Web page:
It is very important to avoid using chlorinated water. Your running tapwater may be unsuitable for this initial wash, if it changes the image colour from orange-brown to a dirty buff. A static bath of pure water, replaced three times, should suffice. The pure water can be distilled, de-ionised, reverse-osmosed, carbon filtered, or simply, rainwater.
The yellow unexposed sensitizer of excess iron and silver salts should completely wash out in this bath. If there is any bleeding of colloidal silver metal, indicated by a red-brown stain running off dense areas of the image, then the paper fibres are failing to trap the tiny silver particles, and it is likely that insufficient Tween has been used, or that the paper is unsuitable. The effects of bleeding may be minimised by processing the print face down, to avoid staining adjacent areas, but there will be some density loss.
If a particularly long tonal range is desired with very delicate high value gradation, the exposed print should be left in a humid atmosphere (100% RH) for ten minutes before wet processing; several steps of highlight detail will build up.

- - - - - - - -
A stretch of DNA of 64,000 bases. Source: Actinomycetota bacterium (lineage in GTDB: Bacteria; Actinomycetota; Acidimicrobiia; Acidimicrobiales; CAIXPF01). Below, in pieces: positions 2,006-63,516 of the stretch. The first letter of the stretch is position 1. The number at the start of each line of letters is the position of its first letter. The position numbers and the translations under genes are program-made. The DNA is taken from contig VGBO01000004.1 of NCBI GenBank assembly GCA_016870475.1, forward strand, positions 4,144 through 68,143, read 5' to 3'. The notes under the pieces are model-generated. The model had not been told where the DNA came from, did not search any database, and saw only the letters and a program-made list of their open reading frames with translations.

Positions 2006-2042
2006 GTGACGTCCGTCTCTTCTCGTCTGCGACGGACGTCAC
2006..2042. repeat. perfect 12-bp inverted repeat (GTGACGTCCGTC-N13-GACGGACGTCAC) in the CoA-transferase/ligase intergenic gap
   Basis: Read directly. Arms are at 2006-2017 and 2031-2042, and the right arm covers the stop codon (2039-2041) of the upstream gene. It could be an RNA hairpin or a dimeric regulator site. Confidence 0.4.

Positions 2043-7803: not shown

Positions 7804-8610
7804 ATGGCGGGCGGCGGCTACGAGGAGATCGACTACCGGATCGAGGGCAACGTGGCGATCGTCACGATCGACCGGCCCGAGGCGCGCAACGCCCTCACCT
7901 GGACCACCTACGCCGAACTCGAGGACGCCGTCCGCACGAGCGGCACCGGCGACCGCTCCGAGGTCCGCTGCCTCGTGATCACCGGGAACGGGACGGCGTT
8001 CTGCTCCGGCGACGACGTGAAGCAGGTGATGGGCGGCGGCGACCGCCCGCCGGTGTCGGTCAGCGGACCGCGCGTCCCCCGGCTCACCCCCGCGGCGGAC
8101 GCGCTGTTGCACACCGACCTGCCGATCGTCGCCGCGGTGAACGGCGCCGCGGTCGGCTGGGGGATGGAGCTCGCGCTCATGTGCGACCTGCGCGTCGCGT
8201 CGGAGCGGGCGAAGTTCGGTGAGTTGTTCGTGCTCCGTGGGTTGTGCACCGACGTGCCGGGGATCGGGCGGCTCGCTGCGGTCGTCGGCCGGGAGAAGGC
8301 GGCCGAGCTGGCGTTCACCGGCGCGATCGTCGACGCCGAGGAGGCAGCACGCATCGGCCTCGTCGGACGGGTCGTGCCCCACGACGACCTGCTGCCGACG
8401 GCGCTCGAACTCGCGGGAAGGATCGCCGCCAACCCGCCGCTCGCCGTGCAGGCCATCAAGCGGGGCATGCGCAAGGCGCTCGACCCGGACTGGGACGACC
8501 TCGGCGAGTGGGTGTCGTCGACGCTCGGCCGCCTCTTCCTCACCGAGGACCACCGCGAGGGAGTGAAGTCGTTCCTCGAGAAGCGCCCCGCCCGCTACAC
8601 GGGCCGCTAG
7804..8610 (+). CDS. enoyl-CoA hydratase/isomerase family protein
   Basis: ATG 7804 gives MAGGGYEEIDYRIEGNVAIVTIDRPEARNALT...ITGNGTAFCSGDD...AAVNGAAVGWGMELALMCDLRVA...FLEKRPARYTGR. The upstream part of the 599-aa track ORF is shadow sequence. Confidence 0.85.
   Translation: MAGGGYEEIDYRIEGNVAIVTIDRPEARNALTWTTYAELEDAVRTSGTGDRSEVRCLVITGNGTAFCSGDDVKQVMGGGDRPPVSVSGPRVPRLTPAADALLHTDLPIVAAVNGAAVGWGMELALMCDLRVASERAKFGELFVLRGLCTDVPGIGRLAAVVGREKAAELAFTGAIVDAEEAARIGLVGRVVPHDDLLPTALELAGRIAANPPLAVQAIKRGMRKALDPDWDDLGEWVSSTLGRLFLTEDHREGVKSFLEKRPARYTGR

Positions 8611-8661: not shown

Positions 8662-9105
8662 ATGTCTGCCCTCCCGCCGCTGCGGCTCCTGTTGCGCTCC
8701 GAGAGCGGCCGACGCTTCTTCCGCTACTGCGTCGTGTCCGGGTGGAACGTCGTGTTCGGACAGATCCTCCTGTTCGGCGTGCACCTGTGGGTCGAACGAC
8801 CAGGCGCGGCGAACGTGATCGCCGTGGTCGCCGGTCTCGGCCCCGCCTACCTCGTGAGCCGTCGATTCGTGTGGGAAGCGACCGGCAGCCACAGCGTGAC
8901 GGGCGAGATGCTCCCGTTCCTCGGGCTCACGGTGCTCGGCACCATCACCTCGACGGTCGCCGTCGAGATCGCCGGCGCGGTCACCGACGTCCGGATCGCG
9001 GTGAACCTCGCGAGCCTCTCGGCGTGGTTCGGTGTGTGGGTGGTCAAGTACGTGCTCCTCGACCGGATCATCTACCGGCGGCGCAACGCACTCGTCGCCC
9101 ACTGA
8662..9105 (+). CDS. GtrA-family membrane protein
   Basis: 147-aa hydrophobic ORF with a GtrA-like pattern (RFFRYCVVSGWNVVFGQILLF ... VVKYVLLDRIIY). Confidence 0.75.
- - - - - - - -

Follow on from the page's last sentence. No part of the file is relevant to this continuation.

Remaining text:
2 Toning bath (optional)
If you wish to tone your print it must be done at this stage, before the fixing. Any of the traditional toning baths for POP or salt prints are suitable: gold, platinum, palladium, selenium, etc.
3 Fix in 2% sodium thiosulphate for 3 minutes
This removes any traces of insoluble silver salts and, if the print has not already been toned, it partially sulphide-tones and intensifies the image, improving the shadow gradation and shifting the colour from red to brown. (As the bath ages its action in this respect increases). Extended treatment in this bath and exposure to air will result in loss of image density especially in the highlights; it may be used to reduce an overexposed print.
4 Wash in running water for 20-30 minutes
At this stage, ordinary tap water, even if chlorinated, should be suitable, especially if the silver image has been protected by toning.
5 Dry at room temperature